Business / Technology

Catching up fast in 3D printing

By Wang Ying (China Daily) Updated: 2016-07-25 07:25


Catching up fast in 3D printing

Chinese doctors set a new record in a spinal operation to replace five vertebrae with 3D-printed replicas. The 3D-printed vertebrae measured 19 centimeters, the longest ever in a successful operation.[Photo/Xinhua]

China is estimated to have a market in the new tech worth 20 billion yuan by 2018

A patient suffering from a malignant tumor recently received unconventional, almost science fiction-like yet real and successful treatment. His doctor replaced five affected segments of his spine with a 19-centimeter-long metal part that was created using a 3D printer.

Doctor Liu Zhongjun performed the surgery a month ago in Peking University Third Hospital.

"We used to use titanium mesh stuffed with crushed bones from the patient or other bodies to replace the spines. However, this method was far from ideal, because if the titanium mesh changed position, the patient would be paralyzed, and the column-shaped mesh didn't match the S-shaped biological curve of human beings," said Liu, head of the 3D printing artificial vertebral body research team, which is recognized by the China Food and Drug Administration.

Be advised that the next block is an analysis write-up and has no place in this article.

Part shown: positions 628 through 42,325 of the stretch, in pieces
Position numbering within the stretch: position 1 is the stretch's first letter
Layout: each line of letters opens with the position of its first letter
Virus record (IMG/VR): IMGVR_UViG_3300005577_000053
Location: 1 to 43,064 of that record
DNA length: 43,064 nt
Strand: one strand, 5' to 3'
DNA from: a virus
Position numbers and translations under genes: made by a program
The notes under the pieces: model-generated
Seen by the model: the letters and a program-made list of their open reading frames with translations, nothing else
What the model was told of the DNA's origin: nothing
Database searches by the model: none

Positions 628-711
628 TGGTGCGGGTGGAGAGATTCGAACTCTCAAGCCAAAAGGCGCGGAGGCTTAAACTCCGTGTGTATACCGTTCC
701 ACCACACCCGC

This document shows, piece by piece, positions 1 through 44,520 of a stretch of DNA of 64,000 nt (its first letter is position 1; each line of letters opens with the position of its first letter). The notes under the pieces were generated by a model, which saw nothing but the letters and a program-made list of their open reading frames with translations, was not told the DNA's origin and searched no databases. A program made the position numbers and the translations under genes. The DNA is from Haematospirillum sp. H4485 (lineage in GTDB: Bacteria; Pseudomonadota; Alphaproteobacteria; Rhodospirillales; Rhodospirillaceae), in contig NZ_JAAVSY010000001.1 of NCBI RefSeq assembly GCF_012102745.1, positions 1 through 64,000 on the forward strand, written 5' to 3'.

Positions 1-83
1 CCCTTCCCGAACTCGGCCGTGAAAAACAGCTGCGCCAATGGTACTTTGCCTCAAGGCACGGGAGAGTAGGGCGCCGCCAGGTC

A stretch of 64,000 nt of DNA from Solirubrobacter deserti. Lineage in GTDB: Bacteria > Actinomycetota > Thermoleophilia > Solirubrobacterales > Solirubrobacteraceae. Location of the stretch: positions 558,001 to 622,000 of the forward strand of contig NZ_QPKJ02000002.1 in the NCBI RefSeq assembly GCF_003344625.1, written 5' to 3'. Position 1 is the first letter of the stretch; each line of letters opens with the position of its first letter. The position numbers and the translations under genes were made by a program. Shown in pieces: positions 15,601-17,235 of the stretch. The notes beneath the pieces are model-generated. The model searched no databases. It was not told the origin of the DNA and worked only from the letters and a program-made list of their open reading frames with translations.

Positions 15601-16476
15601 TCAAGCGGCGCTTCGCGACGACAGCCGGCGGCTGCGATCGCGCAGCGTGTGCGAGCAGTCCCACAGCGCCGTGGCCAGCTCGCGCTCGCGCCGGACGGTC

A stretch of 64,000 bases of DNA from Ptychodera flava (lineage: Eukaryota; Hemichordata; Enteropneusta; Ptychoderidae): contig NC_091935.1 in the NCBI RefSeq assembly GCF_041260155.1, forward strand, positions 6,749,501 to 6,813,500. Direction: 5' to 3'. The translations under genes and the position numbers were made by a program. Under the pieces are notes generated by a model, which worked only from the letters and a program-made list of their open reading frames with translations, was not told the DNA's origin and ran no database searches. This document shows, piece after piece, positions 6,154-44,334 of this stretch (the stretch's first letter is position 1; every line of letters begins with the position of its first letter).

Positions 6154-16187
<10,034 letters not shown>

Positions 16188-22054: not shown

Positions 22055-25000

The 3D printing technology has enabled surgeons to custom-make replacements for spine. The flexible metal spine is said to readily connect to other bones and form a stable link, supporting the body. With it in place, a patient can move freely soon after the operation, and can live and work like a normal person, according to Liu.

Welcome to the fascinating world of 3D printing. Theoretically, a 3D printer can 'print' or create anything drawn on paper into a three-dimensional object.

The technology is formally called additive layer manufacturing by researchers and scientists. In the past few years, 3D printing has surprised many by creating things from clothing to homes to machine parts to even drones.

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